How To Reverse Type 2 Diabetes
Do you have type 2 diabetes, or are you at risk for diabetes? Do you worry about your blood sugar? Then you’ve come to the right place. The disease diabetes (any type) means that you have too much sugar in your blood. This page will show you how to best check this. You can normalize your blood sugar naturally as needed – without pills, calorie counting or hunger. Many people have already done so. As a bonus, a normalized blood sugar usually makes you healthier and leaner. Table of contents: A disastrous epidemic Two types of diabetes Normalize your blood sugar Become your own evidence A disastrous epidemic What’s wrong? Why do more and more people become diabetic? In the past, before our modern Western diet, diabetes was extremely rare. The disease is now becoming more and more common. Around the world, more and more people are becoming diabetic: The number of people with diabetes is increasing incredibly rapidly and is heading towards 500 million. This is a world epidemic. Will someone in your family be affected next? Your mother, father, cousin, your child? Or you? Is perhaps your blood already too sweet? Those affected by the most common form of diabetes (type 2) normally never regain their health. Instead, we take for granted that they’ll become a little sicker for every year that goes by. With time they need more and more drugs. Yet, sooner or later complications emerge. Blindness. Dialysis due to faulty kidneys. Dementia. Amputations. Death. Diabetes epidemic causes inconceivable suffering. Fortunately, there’s something that can be done. We just need to see through the mistake that has led to the explosion of disease – and correct it. This can normalize your blood sugar. Many have already succeeded in doing this. If you already know that you are diabe Continue reading >>
Diabetes: What's True And False?
en espaolLa diabetes: Qu es cierto y qu es falso? If you're like most people with diabetes, you'll get all kinds of advice about it from friends and family or online. Some of this information is wrong. Here's the truth about some of the common things you might hear. Does eating too much sugar cause diabetes? No. Type 1 diabetes happens when cells in the pancreas that make insulin are destroyed. This happens because something goes wrong with the body's immune system . It has nothing to do with how much sugar a person eats. Sugar doesn't cause diabetes. But there is one way that sugar can influence whether a person gets type 2 diabetes. Consuming too much sugar (or sugary foods and drinks) can make people put on weight. Gaining too much weight leads to type 2 diabetes in some people. Of course, eating too much sugar isn't the only cause of weight gain. Weight gain from eating too much of any food can make a person's chance of getting diabetes greater. Yes! You can have your cake and eat it too, just not the whole cake! Like everyone, people with diabetes should put the brakes on eating too many sweets. But you can still enjoy them sometimes. People with type 1 diabetes don't grow out of it. With type 1 diabetes, the pancreas stops making insulin and won't make it again. People with type 1 diabetes will always need to take insulin, at least until scientists find a cure. People with type 2 diabetes will always have a tendency to get high blood sugar levels. But if they take steps to live a healthier life, it can sometimes lower their blood sugar. If people eat healthy foods and exercise enough to get their blood sugar levels back on track, doctors might say they can stop taking insulin or other medicines. Can you catch diabetes from a person who has it? No. Diabetes is not Continue reading >>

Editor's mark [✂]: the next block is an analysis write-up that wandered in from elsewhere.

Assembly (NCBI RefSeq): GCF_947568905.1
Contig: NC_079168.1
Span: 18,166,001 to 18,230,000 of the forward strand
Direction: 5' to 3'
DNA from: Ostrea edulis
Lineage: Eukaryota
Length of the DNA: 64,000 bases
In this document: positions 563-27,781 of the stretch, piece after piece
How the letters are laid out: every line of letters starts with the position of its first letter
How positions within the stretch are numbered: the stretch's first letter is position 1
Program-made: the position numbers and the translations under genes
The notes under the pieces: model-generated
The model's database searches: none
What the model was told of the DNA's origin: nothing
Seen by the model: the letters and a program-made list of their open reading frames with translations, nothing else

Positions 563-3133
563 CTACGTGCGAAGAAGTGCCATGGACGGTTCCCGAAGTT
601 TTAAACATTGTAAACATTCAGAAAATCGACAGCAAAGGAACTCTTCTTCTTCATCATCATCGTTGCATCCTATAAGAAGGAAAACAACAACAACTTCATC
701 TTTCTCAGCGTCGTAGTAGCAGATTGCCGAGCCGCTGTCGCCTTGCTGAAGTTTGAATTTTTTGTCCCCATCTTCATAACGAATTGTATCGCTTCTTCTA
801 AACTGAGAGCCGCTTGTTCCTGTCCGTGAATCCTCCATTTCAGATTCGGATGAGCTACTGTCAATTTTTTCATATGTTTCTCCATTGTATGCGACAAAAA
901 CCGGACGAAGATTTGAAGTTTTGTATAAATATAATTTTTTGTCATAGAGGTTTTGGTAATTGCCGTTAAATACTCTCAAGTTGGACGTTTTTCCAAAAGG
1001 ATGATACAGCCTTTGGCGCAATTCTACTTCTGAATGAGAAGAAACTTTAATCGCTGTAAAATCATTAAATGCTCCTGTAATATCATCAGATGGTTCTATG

No More Diabetes Medications: A Member's Journey To Better Health